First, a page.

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Going beyond engagement – why you need to achieve organisational effectiveness

29th Sep 2016
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Businesses today face a totally new set of challenges. They operate in an environment which is changing at a faster pace than ever – a pace that only seems to be accelerating.

Digital transformation, accelerated innovation and hyper competition are affecting every company, in every industry, forcing organisations to fundamentally re-examine how they operate. No wonder that the Boston Consulting Group predicts that nearly a third of US companies are likely to die over the next five years.

To get ahead in this new world, businesses need to focus on two key approaches. Firstly, they need to ensure that they are putting customers at the heart of what they do, achieving topline structural growth by improving consumer loyalty, customer experience and innovating to deliver what the market requires. At the same time they need to be getting the best out of their people through a managerial approach – in an increasingly knowledge-driven economy, the skills and experience of employees are central to sustained organisational effectiveness.

Both of these approaches rely on feedback, from customers and employees respectively, to drive improvements. Listening to what they are saying, and using this insight to fuel change, is crucial. In this article I’m going to focus on the managerial/people side of the equation to look at what needs to be done to turn feedback into business advantage. Essentially it comes down to three factors – engagement, alignment and leadership - if you want to achieve organisational effectiveness.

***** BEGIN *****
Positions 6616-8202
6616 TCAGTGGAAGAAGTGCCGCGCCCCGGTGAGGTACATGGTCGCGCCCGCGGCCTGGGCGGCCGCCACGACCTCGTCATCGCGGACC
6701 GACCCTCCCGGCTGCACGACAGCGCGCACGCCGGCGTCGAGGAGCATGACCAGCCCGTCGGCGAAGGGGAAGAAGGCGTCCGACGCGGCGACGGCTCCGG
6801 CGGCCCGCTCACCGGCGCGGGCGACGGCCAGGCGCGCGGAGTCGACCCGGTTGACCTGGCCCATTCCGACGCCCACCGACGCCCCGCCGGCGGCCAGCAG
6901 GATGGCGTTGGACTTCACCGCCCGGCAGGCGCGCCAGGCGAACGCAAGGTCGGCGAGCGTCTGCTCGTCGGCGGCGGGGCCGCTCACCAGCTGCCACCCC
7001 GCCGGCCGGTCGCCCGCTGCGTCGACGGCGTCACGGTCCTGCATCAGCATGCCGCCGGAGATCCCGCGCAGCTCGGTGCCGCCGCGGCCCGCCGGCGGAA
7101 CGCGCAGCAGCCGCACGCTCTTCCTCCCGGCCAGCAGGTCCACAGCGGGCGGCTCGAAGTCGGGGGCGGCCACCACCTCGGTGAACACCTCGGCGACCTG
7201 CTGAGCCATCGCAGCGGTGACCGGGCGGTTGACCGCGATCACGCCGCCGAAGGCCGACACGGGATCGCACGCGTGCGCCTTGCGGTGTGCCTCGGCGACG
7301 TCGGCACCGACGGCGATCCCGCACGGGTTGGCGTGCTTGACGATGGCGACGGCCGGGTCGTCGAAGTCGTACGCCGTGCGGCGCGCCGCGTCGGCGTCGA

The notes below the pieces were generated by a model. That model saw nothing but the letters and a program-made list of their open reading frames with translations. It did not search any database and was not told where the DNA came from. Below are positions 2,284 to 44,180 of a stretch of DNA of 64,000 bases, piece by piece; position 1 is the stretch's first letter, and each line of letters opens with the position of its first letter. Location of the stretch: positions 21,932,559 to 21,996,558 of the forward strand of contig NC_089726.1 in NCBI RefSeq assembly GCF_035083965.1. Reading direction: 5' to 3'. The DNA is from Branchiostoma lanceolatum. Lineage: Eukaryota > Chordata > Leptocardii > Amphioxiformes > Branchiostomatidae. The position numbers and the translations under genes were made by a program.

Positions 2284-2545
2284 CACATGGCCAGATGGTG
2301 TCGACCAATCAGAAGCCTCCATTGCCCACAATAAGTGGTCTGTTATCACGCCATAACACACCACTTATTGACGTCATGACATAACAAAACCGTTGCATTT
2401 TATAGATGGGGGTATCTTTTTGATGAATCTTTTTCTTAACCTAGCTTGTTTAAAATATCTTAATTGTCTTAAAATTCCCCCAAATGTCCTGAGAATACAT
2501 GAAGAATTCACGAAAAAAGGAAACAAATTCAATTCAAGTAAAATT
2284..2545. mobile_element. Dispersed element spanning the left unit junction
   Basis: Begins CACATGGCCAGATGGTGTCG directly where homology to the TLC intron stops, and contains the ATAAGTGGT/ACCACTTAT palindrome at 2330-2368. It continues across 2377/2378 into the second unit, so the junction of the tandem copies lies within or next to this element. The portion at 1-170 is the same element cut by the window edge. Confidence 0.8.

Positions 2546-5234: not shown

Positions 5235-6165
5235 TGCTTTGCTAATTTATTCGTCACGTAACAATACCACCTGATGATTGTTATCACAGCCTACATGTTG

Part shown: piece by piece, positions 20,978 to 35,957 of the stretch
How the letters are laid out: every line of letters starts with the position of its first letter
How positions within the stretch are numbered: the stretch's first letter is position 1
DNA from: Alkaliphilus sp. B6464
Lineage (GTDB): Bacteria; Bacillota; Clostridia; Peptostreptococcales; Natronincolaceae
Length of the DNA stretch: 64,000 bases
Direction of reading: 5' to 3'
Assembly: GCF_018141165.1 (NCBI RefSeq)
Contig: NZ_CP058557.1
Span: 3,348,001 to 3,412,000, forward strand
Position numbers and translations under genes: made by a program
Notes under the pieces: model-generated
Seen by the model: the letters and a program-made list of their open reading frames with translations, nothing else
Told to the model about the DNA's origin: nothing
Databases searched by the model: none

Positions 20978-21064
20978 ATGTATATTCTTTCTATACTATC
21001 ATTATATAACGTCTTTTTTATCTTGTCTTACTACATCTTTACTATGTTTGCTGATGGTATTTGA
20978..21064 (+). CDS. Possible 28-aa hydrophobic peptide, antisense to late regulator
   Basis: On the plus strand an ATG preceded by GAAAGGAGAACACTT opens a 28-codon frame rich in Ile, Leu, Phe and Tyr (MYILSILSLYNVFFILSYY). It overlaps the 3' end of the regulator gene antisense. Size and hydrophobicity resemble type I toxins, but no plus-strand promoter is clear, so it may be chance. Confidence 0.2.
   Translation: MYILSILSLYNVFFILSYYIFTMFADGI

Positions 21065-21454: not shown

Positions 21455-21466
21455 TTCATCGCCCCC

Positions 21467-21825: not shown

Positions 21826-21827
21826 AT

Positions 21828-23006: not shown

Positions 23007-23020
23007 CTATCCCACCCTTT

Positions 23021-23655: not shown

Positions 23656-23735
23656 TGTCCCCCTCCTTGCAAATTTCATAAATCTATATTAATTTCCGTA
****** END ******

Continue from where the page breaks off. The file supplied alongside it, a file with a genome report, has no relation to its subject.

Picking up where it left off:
Engaging with your staff

Most businesses understand the importance of employee engagement - after all, engaged staff tend to be more productive, stay longer and contribute more. Essentially what engagement does is boost your efficiency – staff go above and beyond in their jobs, they achieve more, and, because they are less likely to leave, your hiring costs are reduced.

It costs the equivalent of a year’s salary to replace a member of staff, showing the impact that greater engagement and retention can have on the bottom line. Greater engagement comes from listening, and acting on feedback. This means moving away from an annual employee survey to introducing new modes of feedback, such as quarterly pulse and weekly ‘heartbeat’ monitoring.

Aligning with your aims and culture

However, employee engagement can only take you so far. Staff can be engaged and enthusiastic, but not focused on your company strategy. They are productive, but not delivering on the right things. Closing this gap requires you to break down barriers and create an open culture that is driven by always-on feedback.

This can be daunting – letting all employees share their thoughts, whenever they want, and ensuring you act on their feedback requires organisations to be flatter, and more transparent. Yet, the benefits are enormous – managers have access to broader insight and staff are both engaged and aligned with the organisation’s goals. The result? Effective staff operating in a culture of continuous improvement.

Turning managers into leaders

The third factor necessary factor for organisational effectiveness is leadership. What is needed is to move away from the concept of top down leadership, to creating leaders across the organisation.

All managers should see themselves as leaders and be continually looking at how they improve their performance by listening to, and acting on, feedback from all those around them. It is about continuous performance management, with managers able to ask for, and receive, feedback at any time, appraise their own performance and work with their teams to create new innovations and solve any issues that are holding the business back.

In increasingly competitive and fast-moving markets businesses need to get the best out of their people if they want to survive and thrive. Building a strategy that delivers organisational effectiveness is central to meeting these challenges – and it all starts with listening to your employees, and acting on their feedback.

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